Camelia knew that she was being dismissed. She stood, but leaned over to give Opal a hug while the older woman was seated, but Opal turned away her face. Camelia knew that none of this was healthy for her good friend.
Camelia stopped at the front door.
“Opal, if you were on Queen for a Day and told them your story, what would you ask for?”
“A washer and dryer,” replied Opal. “They give away a lot of those, so it must be easy. I’ve gone to Vicksburg to the laundramat and hung out my clothes and linens for all my life. Wouldn’t it be a blessing not to have to?”
Another two weeks crept by with little Opal contact. Camelia didn’t see her sweeping or sitting on the porch. She could only imagine the degree of TV obsession inside Opal’s house. Camelia was relieved that she had seen Opal making routine Monday trips to the Vicksburg Piggly Wiggly, but just at a different time of day. At the beginning of the following month, Camelia timed it properly and called Opal who, not involved with television, answered when she recognized her party line ring.
“Oh, Opal, I need your help up here,” exclaimed Camelia.
“Why? What’s wrong? Are you all right?”
“I think I’ll be all right, but I need your help. It’s awful. I just can’t manage. Please, please hurry to my house.” Camelia hung up.
Opal was frantic. She didn’t bother to turn off the television. She slammed out her front door and raced, as much as her heftiness allowed, past the crepe myrtles, to Camelia’s back door. Opal was out of breath and shocked to be met by her smiling friend.
“What’s wrong? Oh, what’s wrong?” panted Opal.
Cammy’s smile only got bigger. “Not a thing. Let me bring you in.”
Opal was confused, but allowed herself to be led through Cammy’s kitchen into the living room that seemed largely rearranged. And, then — look. There was Lemuel and Brother Markov and the Piggly Wiggly cashier with her two little children and a few church ladies and — oh no, smiling more broadly than anyone was Frances Hebert/Francine Fontaine.
“What is this? Am I dying?” gasped Opal.
Pastor Boris Markov stepped forward and, in his booming, baritone voice, announced, “Congratulations, Miss Opal Pratt. You are Queen for a Day!”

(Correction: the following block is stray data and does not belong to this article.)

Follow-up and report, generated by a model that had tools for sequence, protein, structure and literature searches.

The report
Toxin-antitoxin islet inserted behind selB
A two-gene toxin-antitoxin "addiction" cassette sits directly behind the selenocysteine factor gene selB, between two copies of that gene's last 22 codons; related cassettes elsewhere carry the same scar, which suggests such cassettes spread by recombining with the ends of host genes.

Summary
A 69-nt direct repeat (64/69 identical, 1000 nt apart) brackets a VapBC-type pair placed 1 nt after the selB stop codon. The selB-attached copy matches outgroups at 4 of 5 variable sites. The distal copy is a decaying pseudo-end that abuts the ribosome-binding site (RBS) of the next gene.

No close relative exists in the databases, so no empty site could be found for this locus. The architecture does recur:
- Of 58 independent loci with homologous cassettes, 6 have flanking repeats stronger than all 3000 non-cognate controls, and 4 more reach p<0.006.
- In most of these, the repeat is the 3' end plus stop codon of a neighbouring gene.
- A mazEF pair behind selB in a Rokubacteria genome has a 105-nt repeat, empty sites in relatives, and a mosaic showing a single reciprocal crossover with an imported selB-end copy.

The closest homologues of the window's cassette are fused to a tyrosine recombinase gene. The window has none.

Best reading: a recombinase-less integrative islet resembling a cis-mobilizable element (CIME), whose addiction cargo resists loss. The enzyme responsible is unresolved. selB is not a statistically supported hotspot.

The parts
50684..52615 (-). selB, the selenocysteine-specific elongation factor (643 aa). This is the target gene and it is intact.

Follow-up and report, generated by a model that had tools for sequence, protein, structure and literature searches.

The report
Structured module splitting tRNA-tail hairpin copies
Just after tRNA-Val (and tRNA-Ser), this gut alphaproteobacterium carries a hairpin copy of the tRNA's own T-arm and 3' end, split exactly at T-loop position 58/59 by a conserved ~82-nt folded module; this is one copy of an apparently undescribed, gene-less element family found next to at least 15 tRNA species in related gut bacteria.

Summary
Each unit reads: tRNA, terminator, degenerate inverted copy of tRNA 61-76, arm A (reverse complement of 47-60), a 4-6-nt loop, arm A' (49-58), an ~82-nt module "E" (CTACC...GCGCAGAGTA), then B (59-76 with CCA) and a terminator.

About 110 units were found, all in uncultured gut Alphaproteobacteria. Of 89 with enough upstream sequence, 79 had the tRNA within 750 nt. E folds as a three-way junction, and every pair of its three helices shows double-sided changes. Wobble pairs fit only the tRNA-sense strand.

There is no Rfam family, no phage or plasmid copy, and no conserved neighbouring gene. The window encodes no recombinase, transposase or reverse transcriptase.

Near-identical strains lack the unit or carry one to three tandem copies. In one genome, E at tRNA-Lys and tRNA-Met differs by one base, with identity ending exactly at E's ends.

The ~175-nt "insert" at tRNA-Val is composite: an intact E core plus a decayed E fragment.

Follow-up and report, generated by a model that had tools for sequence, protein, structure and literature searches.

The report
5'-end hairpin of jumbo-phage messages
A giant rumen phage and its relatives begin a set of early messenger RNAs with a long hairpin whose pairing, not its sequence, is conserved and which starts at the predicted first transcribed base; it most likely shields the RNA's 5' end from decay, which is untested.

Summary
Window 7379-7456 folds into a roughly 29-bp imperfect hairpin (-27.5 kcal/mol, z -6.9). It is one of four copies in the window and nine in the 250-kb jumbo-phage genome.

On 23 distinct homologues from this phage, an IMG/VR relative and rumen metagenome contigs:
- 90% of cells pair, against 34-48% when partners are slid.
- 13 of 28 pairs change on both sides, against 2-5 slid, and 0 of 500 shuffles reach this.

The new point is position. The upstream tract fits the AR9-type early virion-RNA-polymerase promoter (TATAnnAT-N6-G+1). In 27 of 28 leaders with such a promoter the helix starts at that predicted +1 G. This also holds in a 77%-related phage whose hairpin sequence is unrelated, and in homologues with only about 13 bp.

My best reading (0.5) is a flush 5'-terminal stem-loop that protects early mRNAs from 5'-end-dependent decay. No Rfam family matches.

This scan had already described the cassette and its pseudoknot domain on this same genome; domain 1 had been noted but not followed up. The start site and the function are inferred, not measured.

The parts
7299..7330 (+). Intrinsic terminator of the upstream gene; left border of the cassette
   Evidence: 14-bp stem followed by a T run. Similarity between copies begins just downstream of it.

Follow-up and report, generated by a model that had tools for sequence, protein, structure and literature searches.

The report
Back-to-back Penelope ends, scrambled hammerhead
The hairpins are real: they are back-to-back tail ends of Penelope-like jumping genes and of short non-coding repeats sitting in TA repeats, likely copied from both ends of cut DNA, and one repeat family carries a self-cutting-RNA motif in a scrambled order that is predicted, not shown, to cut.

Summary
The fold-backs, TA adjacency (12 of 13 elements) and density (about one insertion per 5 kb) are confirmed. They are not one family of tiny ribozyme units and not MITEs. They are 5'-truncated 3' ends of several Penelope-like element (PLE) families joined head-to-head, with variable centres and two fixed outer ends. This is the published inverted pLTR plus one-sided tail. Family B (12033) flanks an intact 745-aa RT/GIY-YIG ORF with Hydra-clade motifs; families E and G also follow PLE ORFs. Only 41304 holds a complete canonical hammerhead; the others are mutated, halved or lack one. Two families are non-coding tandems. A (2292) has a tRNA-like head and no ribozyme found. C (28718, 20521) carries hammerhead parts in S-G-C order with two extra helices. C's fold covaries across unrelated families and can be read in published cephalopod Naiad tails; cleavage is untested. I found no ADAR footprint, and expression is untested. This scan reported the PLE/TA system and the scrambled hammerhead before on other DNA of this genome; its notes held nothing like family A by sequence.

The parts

The assembled group yelled and clapped. Lemuel whistled and stomped his feet noisily which made the little girls laugh. Camelia led Opal forward toward a fine, wing back chair at the end of the room. One of the church ladies came forward and tied a cloak around Opal’s neck. The woman had constructed it from a red velveteen piece of cloth left over from a Christmas costume. The collar was anointed with fur from an old stole belonging to Cammy. Opal was breathless.
The three-year-old daughter of the cashier was urged forward with a plentiful bouquet of daisies that she handed to Opal before insisting that she had to go pee. And then Camelia stepped up. She carried a beautiful tiara that she’d earned in one of her beauty pageant days. Cammy placed the sparkling crescent on Opal’s head, and Brother Markov led Opal to the chair designated as her throne. There was another burst of cheers and applause. Opal looked around the room and none of it really registered. Particularly the huge grin on Lemuel’s face.
Opal tried to understand what the preacher was saying about her and her life. Was she really on TV like her heroes? But then he got down to gifts.
She tuned in and heard about delivery of dinners for a month, rides to the Pleasant Valley Baptist Church on Sundays and Wednesdays for a month, the planting of shrubs at the front of her porch and —- and. Lem stepped forward.
“And right now, Miss Opal, delivery boys from the Sears and Roebuck are setting up your clothes washer and dryer, just the way I told them.”
She burst into tears.
Brother Markov picked up his cue. “All these gifts and the love of your friends belong to you, Miss Opal Pratt, because YOU are Queen for a Day!”